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Kentucky

 

A 1775 treaty with Cherokee tribes opened Kentucky for colonial settlement. Daniel Boone was among the first to arrive. The country was wooded and wild and skirmishes with Indians were a frequent worry, but immigrants from Scotland and Ireland soon came.

Fun Facts

  • The eastern part of Kentucky is rich in soft bituminous coal, while western Kentucky contains deposits of coal near the surface. Both areas have suffered from environmental damage because of the mining.
  • In 1893, two sisters from Louisville wrote the song”Happy Birthday to You.”
  • Horse breeding and horse racing are big business in Kentucky. Churchill Downs, in Louisville, is one of the most famous horse tracks in the world.
  • Darby Pie, a chocolate and walnut dessert, was created in the 1950s at the Melrose Inn, in Prospect.
  • Underground caves extend through much of Kentucky. The Mammoth Cave System runs more than 367 miles under the ground.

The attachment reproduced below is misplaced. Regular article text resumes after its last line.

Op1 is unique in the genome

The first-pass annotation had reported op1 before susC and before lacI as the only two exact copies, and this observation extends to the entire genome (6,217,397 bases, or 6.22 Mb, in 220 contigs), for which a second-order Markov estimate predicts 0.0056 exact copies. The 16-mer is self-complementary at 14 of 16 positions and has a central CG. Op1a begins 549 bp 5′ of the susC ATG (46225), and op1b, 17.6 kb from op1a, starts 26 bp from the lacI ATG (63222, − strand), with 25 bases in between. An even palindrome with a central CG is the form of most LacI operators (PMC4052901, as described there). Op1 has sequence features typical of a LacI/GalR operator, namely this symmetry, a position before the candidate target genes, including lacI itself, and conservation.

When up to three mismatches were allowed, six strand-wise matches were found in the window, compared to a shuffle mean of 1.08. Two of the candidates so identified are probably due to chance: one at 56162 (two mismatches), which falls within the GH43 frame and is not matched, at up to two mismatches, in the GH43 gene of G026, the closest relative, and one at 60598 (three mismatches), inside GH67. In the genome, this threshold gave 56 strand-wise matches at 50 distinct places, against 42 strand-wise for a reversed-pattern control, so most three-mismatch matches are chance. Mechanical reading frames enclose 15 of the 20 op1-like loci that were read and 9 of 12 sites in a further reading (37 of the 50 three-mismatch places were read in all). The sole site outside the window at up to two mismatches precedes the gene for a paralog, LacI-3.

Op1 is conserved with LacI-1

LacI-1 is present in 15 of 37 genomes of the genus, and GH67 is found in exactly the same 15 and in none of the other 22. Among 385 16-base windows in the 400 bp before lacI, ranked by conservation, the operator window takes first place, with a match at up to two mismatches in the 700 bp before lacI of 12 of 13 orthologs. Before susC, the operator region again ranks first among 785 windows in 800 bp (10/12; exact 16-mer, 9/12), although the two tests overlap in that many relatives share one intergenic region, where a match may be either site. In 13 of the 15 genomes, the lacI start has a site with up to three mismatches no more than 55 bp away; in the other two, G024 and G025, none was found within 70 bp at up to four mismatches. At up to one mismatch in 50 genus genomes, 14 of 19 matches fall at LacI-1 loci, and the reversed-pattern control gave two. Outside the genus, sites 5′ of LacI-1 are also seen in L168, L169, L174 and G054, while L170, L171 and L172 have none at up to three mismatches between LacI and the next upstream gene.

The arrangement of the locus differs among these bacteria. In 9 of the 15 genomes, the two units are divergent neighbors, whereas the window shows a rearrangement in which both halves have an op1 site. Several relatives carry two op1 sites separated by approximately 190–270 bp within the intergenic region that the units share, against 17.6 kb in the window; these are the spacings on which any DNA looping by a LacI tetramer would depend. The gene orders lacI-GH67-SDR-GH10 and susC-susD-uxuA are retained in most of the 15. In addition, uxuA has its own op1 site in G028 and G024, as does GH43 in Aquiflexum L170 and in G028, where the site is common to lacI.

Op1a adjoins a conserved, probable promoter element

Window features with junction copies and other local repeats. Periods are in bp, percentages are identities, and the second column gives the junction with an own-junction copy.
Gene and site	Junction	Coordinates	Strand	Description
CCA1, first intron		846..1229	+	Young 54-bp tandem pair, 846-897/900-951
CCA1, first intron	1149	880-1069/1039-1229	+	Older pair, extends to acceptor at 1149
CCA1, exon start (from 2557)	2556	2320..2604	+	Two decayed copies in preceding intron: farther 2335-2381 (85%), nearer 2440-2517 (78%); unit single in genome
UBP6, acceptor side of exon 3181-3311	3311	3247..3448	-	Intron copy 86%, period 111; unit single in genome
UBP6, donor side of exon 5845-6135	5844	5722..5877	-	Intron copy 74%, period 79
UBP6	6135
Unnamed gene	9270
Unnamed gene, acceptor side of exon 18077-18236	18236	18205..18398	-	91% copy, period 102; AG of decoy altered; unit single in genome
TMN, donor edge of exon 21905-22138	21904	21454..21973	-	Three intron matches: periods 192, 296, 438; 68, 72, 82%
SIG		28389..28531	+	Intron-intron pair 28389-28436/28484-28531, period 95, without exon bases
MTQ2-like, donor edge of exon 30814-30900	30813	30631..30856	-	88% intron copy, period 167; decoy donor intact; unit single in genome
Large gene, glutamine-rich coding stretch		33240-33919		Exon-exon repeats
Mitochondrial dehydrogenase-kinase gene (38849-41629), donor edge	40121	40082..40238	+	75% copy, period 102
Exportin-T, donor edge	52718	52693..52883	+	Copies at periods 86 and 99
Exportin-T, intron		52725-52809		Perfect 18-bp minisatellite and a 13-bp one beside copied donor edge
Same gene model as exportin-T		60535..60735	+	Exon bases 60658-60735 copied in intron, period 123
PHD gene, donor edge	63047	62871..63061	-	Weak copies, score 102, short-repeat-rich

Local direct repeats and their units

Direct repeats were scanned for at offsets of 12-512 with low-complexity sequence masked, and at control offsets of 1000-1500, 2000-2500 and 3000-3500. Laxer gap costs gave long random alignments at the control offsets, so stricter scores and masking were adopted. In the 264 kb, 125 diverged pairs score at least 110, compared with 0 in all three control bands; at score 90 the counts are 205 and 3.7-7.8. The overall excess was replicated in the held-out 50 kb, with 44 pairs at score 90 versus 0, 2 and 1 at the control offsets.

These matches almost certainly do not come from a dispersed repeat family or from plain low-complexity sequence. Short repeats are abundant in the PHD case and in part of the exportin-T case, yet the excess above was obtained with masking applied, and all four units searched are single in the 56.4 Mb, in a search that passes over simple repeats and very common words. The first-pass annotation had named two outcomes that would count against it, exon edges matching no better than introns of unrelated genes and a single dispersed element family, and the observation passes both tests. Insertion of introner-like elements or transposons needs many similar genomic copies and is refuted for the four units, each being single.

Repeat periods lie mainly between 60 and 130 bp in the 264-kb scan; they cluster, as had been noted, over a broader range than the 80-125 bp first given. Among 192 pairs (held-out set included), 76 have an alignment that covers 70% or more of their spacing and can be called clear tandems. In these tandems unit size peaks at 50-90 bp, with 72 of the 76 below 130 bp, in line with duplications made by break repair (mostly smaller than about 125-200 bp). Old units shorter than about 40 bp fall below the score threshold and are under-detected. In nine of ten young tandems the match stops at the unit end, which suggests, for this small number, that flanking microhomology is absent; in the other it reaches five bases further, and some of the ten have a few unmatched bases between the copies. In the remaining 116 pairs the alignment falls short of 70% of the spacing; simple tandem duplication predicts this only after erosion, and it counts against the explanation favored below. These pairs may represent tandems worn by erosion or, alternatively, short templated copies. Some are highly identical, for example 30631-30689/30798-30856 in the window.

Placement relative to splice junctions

• Post-it notes are made in Cynthiana, Kentucky—the only place in the world where these sticky notes are produced.
  • The United States Bullion Depository in Fort Knox is a vault containing a huge reserve of gold—260 billion dollars’ worth!
  • President Abraham Lincoln, Muhammed Ali, and many country singers are from Kentucky.

Kentucky Quick Stats

Population: 4,339,367

State Capital: Frankfort (population, 25,527)

Largest City: Louisville (population, 597,337)

Largest Metro: Kentuckiana

State Bird: cardinal

State Flower: goldenrod

Admission to Union: June 1, 1792

Questions and Answers

Question: Why is Kentucky called the “Bluegrass state?”

Answer:  Kentucky’s official name is the Commonwealth of Kentucky, but its nickname came from the blue pasture grass that grows there.

Learn More

Watch a video about Kentucky.

 

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Declan, Tobin. " All Facts for Kids about Kentucky ." Easy Science for Kids, Oct 2019. Web. 23 Oct 2019. < https://easyscienceforkids.com/kentucky/ >.

APA Style Citation

Tobin, Declan. (2019). All Facts for Kids about Kentucky. Easy Science for Kids. Retrieved from https://easyscienceforkids.com/kentucky/

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